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Sangean ATS-909X sticky keys?

Many thanks to SWLing Post contributor, Mark Fahey, who left the following comment on our PL-880 review:

I’m reading this old post as I am a new user of the PL-880. I have it as my bedside and coffee table receiver in my house up in the Indonesian jungle.

I love it! Wished I purchased it months ago.

Until the PL-880 arrived I was using an ATS-909X up here – and seeing Thomas mention it here I thought I would ask about it.

I have owned 3 x ATS-909X over the years, two white and my most recent (about 2 years ago) is the black model. Every single one of them has the most frustrating key not functioning as you would expect bug. It like the keys are “sticking”, it’s not a mechanical problem, but something with the keyboard electronics. The 1st one I brought when the ATS-909X was basically unusable due the keyboard. The later purchases somewhat better, and the last Black one the best of the bunch with a software version that was supposed to fix the problem. All that said even the Black one is pretty crappy with unresponsive keys (unless you press hard and slowly – ie not rapid and fast sequences of key pressing).

Am I just suffering the effects of bad karma, or is everyone’s experience of the ATS-909X the same.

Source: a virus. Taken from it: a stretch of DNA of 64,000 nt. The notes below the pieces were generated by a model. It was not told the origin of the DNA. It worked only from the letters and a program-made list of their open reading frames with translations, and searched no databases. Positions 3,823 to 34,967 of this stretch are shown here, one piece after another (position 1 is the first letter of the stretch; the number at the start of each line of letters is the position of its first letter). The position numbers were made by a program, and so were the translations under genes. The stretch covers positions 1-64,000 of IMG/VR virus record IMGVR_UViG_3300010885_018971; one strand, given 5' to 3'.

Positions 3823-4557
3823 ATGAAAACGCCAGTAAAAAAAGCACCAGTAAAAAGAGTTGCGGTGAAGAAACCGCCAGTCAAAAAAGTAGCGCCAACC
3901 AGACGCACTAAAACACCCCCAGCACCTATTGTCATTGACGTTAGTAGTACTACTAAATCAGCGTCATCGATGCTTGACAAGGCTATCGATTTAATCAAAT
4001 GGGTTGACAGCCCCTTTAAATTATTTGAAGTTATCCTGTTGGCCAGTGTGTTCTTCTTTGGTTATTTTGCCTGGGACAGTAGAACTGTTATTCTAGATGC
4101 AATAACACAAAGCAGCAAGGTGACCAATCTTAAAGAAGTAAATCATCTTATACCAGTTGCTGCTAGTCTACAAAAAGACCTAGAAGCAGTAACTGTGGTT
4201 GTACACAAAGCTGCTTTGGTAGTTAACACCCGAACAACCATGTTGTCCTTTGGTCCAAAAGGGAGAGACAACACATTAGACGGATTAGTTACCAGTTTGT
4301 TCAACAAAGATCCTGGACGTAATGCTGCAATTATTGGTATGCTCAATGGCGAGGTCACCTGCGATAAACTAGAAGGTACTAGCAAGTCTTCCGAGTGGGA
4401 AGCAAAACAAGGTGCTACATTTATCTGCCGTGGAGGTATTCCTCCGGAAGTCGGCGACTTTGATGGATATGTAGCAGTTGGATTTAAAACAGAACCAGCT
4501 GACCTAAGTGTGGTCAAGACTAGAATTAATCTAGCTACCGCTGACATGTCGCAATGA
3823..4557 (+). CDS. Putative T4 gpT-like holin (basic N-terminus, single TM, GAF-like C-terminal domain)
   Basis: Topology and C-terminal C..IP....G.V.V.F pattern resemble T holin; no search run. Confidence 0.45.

I’m so pleased I’m now using the PL-880. No problems, no crappy keyboard, just a great experience!

Cheers,
Mark

I’m glad you’re enjoying the PL-880, Mark. You’re right: it’s a brilliant portable.

Post readers: Have other ATS-909X owners experienced this problem with unresponsive keys? Please comment!

And Mark, we’re overdue an update on your Radio Seribatu stations!

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A review of the Sangean PR-D17 portable AM/FM radio for the visually impaired

Photo of the Sangean PR-D17 AM FM Radio while tuned to 96.1 FM and showing RDS backlit display

Many thanks to SWLing Post contributor and producer, Peter Atkinson, who shares the following review of the new Sangean PR-D17 AM/FM radio:


Sangean PR-D17 review

by Peter Atkinson

I’ve been visually impaired all my life and a radio enthusiast for over 40 years.  I was intrigued when I learned that Sangean was offering a radio for the visually impaired.  I purchased one, and wanted to share my thoughts about the Sangean PR-D17 from the perspective of a visually impaired listener.

Photo of the PR-D17 box

For those readers who are mainly interested in the performance of this radio, please stay tuned, while I talk a moment about the features geared to the visually impaired.

Photo of the radio manual.

First of all: the manual, [see photo above] while it is comprehensive (as most from Sangean are), it is odd that it’s printed in the smallest type I’ve seen from this manufacturer.

Image of the PR-D17 tactile preset keys with Braille.

The yellow controls on a black radio are easily seen.  I like that the preset buttons on the bottom row of the front panel, are in Braille.  The raised symbols, however, on the upper row, may be too complicated to be easily discerned by touch alone.  The yellow-on-black motif, is reminiscent of my Sangean HDR-16.